There is considerable cost (and pain) for developers to debug external libraries due to the fact that many libraries are distributed in two editions: one with debug information, other without. The developer has to search and download debug files, and point the debugging environment to their location. This is often a painful and error-prone task. There is also a lot of work related to build and distribute those libraries.

At same time, the world changed in ways that make the "release" version (ie the version without debugging information) obsolete. For instance:

  • A modern runtime can efficiently strip debugging information, optimize on-the-fly and run the program at full speed. Examples are the JVM and JavaScript interpreters.
  • Open-source projects, or binaries that are not published outside the company, have no reason to be obfuscated. Also, given that many modern languages now support reflection, obfuscation by stripping debug information is very limited, if effective at all.
  • Disk space is high, disk performance (SDDs) is getting better and better, and network bandwidth is improving as well.

Please note that this question is limited to libraries. I'm 100% OK about distributing applications without debugging information, which is actually extremely important in the mobile world.

After a lot of trouble with .NET PDBs, and .class files without debugging information, I think we should evolve processes and tools into a world where the default is to compile and distribute libraries with full debug information, embedded in the binary (like .class files) if that's possible. After all, the only remote reason for not doing that is protecting copyrights (which doesn't apply to many scenarios).

Of course, the tools that pack applications should be smart enough to search and destroy every piece of embedded debugging information before publishing for download. This is based on the fact that end-users seldom debug applications.

  • At everywhere I've ever worked as a developer, it's been the policy to never use any third-party library if there is no source available. Everything is either open-source or a commercial library with full source code included as part of the license. This way, you don't have that problem. – Mason Wheeler Feb 10 '17 at 22:13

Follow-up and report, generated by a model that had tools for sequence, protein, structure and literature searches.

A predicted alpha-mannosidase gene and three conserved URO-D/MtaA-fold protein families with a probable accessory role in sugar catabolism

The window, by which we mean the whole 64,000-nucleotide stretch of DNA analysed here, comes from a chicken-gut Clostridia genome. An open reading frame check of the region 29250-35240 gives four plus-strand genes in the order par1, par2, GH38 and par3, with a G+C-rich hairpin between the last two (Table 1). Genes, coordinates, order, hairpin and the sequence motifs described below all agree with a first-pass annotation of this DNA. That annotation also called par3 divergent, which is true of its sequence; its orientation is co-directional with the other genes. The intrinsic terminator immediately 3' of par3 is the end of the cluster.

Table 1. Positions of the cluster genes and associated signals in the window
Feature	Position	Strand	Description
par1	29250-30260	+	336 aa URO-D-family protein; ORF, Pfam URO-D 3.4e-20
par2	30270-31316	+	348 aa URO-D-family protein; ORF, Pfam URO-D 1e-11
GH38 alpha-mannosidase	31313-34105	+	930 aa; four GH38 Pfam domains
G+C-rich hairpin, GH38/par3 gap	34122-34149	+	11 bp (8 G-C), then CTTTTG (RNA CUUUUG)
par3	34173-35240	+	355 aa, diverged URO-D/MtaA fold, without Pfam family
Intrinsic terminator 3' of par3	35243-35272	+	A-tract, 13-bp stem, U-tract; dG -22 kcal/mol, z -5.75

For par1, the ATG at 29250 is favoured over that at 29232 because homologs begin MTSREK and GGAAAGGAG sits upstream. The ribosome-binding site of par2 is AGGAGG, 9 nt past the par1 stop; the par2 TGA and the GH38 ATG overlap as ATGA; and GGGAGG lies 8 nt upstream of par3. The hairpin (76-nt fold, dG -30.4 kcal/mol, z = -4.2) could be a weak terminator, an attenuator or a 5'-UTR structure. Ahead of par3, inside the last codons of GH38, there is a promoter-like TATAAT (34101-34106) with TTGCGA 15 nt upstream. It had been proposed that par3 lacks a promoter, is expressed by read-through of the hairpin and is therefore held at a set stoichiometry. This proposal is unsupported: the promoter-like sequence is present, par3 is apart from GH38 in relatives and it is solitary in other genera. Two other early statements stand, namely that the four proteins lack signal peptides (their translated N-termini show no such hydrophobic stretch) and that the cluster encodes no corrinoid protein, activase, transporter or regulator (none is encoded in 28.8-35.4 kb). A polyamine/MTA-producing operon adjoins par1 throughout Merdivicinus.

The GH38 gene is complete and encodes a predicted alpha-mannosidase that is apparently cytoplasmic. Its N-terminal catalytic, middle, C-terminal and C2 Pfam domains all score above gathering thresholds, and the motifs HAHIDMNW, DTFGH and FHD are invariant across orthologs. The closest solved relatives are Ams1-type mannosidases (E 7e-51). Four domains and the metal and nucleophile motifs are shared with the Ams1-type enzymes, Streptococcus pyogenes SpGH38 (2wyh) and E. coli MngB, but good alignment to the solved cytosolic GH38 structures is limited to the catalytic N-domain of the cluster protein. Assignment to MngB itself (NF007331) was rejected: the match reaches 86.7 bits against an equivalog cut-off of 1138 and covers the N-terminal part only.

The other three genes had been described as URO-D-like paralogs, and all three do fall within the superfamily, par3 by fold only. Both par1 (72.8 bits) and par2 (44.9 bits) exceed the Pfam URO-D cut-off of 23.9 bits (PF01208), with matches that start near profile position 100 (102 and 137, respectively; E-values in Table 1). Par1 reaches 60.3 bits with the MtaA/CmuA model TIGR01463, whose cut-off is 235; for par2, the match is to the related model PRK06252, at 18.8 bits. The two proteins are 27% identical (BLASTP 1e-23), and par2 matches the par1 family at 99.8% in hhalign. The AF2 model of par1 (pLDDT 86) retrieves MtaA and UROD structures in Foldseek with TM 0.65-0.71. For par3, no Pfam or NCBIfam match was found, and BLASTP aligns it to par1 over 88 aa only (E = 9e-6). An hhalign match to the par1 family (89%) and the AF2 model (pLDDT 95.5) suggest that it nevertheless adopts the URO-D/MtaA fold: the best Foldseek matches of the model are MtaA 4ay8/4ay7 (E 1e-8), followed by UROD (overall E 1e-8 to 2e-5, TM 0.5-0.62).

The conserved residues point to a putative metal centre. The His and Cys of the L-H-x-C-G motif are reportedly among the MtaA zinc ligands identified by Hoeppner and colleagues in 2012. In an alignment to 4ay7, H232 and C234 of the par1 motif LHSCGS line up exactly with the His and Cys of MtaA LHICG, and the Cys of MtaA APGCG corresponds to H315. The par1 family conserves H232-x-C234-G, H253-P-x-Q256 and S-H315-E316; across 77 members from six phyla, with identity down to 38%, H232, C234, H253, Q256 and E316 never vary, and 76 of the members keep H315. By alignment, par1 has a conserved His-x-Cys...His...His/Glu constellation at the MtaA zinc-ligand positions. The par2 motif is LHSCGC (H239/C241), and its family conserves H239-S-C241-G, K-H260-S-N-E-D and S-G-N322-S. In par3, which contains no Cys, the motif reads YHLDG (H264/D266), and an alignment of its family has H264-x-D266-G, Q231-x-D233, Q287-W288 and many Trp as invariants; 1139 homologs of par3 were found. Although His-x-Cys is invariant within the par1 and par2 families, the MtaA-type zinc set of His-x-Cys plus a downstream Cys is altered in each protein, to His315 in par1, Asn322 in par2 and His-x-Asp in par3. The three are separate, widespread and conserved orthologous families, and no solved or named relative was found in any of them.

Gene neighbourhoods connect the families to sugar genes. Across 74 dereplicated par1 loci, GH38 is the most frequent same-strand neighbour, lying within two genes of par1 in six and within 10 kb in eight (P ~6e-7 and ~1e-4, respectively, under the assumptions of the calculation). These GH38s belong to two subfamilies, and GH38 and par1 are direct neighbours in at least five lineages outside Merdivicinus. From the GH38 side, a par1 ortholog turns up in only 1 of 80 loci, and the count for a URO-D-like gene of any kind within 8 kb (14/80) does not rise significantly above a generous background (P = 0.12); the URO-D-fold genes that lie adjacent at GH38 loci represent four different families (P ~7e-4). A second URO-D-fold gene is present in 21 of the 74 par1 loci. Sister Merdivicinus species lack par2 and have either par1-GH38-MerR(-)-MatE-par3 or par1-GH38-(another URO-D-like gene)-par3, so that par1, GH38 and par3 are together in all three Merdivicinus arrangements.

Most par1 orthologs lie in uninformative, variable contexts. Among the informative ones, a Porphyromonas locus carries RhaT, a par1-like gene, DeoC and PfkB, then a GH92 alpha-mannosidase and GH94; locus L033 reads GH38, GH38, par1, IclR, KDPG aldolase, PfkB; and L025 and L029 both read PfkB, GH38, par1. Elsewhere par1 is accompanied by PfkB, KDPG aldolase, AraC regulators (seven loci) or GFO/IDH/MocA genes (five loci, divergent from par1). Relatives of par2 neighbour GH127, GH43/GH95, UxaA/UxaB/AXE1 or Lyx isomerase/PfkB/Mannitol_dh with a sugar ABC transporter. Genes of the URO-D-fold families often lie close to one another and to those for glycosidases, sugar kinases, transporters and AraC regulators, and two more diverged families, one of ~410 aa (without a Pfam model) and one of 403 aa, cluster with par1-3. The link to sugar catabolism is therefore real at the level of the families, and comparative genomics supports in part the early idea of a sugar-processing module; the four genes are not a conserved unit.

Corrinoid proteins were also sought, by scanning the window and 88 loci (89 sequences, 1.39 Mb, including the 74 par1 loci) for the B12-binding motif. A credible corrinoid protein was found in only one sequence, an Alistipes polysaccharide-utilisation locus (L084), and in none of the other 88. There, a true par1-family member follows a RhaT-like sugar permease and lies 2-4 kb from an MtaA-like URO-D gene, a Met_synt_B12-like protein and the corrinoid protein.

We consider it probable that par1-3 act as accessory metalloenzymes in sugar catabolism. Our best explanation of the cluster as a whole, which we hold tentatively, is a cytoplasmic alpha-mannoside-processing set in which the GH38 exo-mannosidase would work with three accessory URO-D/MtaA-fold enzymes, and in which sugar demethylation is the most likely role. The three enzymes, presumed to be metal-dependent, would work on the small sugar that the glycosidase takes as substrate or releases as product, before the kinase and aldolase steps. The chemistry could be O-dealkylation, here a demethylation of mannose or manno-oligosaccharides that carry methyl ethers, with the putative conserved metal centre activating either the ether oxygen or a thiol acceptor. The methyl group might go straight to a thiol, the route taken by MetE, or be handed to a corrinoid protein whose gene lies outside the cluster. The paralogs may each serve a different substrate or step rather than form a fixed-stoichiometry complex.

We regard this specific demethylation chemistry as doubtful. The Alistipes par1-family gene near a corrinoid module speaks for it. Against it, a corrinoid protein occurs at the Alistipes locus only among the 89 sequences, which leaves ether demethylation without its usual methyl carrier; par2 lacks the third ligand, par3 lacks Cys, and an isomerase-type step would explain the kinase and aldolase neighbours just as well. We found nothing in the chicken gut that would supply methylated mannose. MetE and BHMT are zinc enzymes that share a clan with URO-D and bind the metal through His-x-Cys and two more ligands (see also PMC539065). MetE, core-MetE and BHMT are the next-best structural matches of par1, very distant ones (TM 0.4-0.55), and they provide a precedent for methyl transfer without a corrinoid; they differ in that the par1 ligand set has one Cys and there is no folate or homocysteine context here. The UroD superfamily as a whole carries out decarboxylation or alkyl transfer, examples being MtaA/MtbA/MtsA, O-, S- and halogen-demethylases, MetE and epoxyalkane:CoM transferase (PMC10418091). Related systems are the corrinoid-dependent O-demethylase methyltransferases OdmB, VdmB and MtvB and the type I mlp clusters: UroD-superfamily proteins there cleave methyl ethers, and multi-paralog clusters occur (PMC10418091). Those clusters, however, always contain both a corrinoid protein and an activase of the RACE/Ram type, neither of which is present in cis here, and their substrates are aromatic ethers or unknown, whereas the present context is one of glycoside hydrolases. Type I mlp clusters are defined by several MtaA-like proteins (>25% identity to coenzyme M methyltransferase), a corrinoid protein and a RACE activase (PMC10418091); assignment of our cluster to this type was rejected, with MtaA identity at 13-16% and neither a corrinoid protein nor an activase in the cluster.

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    If you develop libraries that are sold, obviously you should provide at least Release version. If user bought source code, then you should provide projects or makefiles for both so that user can rebuild them. If your library is quite small and does not have a too much configuration (static/dynamic, debug/release, Ansi/Unicode and which run-time is used), then you might provide precompiled version of all or common cases. When you ship an application to an end-user, you should always ship the Release version. Debug version can do a lot of extra validation that could easily kill performance. – Phil1970 Feb 11 '17 at 19:53

It might also be a question for your lawyers.

A library (or an executable) compiled with debug info (e.g. in C++, on Linux, compiled with g++ -g2 -O2 into ELF format with DWARF debug info) contains a lot of [meta-]data which facilitates the reverse engineering of your code.

If you release that thing to outside clients, you expose some of your industrial/intellectual property to them (in particular all your data structures, the class hierarchy, the name of your files, classes, functions, variables, etc...). Decompilation of your code becomes much less difficult (even if it stays quite hard).

Also, the debug information takes a lot of space. That might have some cost (bandwidth, data volume) when deploying your software.

BTW, producing open source software facilitates even more your work, with the potential benefit that some outside contributor might slightly improve it.

If you can (i.e. you want and you are allowed to) release debug information, indeed it is simpler to release some binary (of your library or of your program) with debug information included in it (and not in a separate file). Notice that many compilers are able to optimize and still emit debug information (e.g. with GCC you can compile with both -g -O2 flags; the debug information is there, but is "approximate" because of optimizations).